Parts pays Lihula a reconciliation visit

  • 2004-12-22
  • By Aleksei Gunter
TALLINN - Prime Minister Juhan Parts this week visited Lihula, where earlier this year a controversial World War II monument had been erected and then forcibly removed by government decree, in an effort to establish a Christmas peace with the town's residents.
Parts met the county district officials, visited the Matsalu national park, mingled with students and teachers of the town's high school and laid a wreath at the Independence War Monument in what was one of his most trying days as head of government.

The rating of Parts' party, Res Publica, plummeted after the Lihula affair, which triggered acts of vandalism against WWII monuments across the country.

But despite the gesture of repentance, some Lihula residents felt Parts didn't go far enough.

Lehte Ilves, editor of the Laane Elu regional newspaper, said that Parts did not apologize clearly and directly for the turmoil surrounding the monument's removal. "Parts did not apologize directly. He was beating around the bush, but he somewhat did express that he was sorry," said Ilves.

But Erki Peegel, spokesman for the government who accompanied Parts to Lihula, said, "The prime minister apologized for the inconvenience caused by the monument's removal."

Ilves did admit the locals were quite excited about the visit. Many came to see the prime minister, while even more speculated whether the visit would go smoothly.

There were no disturbances during the visit.

Parts, who has been known to strike out verbally against his political opponents, apologized to Lihula residents for the fact that they have Tiit Madisson as the head of their county district.

"People applauded to this one," recalled Ilves. "But again, it was put in such a sophisticated way I doubt everybody understood what Parts meant."

Madisson, a former dissident who supported the monument project, expressed his doubts last week whether it was the right time for Parts to visit Lihula. Madisson also said that Parts shouldn't lay a wreath at the Independence War (1918-1920) Monument since many locals could take offense after the WWII monument's removal.

Madisson excused himself from a Dec. 21 lunch meeting with Parts and the prime minister's staff, citing health problems.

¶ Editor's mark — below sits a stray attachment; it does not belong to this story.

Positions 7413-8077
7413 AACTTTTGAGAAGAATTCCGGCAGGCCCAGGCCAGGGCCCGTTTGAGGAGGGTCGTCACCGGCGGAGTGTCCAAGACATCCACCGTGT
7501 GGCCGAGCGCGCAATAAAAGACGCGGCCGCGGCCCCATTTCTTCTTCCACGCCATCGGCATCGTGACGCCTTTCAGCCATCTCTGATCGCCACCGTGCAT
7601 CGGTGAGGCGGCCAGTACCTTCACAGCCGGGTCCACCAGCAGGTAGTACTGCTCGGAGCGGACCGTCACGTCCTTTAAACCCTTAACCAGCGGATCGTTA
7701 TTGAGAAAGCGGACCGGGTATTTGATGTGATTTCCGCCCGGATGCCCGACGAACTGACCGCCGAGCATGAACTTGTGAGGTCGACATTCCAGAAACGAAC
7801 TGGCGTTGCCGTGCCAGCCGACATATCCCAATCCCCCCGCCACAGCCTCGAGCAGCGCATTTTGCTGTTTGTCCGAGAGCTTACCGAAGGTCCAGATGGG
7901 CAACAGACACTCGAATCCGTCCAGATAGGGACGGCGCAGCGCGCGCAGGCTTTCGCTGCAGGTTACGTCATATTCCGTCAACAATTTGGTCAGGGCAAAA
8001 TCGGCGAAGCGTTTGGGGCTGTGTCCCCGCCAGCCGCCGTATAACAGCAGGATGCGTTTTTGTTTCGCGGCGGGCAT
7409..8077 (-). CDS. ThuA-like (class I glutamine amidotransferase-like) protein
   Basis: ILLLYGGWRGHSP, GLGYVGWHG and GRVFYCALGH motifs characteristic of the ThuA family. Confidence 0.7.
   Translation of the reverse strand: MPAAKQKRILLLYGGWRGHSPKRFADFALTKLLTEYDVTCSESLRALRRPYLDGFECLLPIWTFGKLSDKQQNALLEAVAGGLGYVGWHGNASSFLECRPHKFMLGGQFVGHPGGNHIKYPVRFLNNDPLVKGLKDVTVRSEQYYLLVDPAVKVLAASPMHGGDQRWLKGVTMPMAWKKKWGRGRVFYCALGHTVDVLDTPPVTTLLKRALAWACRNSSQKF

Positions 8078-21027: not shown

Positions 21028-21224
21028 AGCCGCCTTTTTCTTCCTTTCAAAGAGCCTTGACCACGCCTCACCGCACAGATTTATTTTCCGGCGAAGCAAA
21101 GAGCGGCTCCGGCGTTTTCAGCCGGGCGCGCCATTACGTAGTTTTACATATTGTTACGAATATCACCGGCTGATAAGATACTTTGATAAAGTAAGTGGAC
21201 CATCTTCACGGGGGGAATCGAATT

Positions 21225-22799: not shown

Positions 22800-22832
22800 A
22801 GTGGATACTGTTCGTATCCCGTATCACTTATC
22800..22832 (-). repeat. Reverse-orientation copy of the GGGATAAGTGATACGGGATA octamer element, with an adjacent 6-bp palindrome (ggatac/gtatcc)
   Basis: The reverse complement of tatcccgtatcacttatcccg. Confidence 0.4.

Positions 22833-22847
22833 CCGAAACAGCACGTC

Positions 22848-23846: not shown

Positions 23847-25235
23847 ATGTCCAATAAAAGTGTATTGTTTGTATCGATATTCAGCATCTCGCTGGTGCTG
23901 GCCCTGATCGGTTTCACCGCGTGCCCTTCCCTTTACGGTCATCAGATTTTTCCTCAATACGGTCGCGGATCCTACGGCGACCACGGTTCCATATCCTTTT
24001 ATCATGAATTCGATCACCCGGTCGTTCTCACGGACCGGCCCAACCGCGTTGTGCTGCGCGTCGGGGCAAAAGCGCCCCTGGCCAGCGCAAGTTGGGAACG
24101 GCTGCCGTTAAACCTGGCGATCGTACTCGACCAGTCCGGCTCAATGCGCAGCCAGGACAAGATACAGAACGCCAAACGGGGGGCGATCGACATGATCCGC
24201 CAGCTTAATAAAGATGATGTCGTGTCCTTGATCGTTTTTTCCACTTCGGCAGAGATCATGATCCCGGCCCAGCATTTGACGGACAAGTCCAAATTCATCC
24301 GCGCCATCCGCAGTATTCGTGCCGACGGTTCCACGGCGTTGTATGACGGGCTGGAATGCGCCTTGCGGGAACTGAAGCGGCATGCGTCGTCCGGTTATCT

Parts, who had promised after the monument removal in September to visit Lihula at some point, reportedly ended the meeting in the school after a local doctor asked whether the prime minister was concerned about his safety in Lihula.

According to Ilves, locals said they were glad that Parts eventually had made the trip and at least tried to make amends. He added that a peculiar anecdotal incident occurred when Parts, surrounded by children, approached the Independence War monument to lay a wreath to its base. A young boy, about eight-year-old, asked the prime minister whether he would take away this monument, too. Parts responded negatively, and the boy confidently agreed, saying "this one was too big" to be removed.

On Sept. 2 evening Rescue Department workers, backed up by about 40 police officers decked out in riot gear, removed the Lihula monument, which had been erected to commemorate Estonians who fought against the Bolsheviks in World War II.

The forcible removal of the meter-and-a-half tall stone monument caused outrage among local residents, who responded by throwing rocks at the police and the crane crew. The hail of stones damaged several vehicles and led to the first use of pepper gas against a crowd since the restoration of independence in 1991.

The monument was eventually taken away, however.

The government backed its decision by claiming the monument was standing on state-owned land without permission and had caused controversy because of its design - an Estonian freedom fighter dressed up as a German soldier.

Experts from the Police Department Council later concluded that the monument removal operation suffered from the lack of proper communication and police's inexperience in handling similar scenarios.

As a result of the incident, the rating of the Parts Cabinet fell dramatically and reached a record-low of 4.6 points in November, according to the Emor pollster.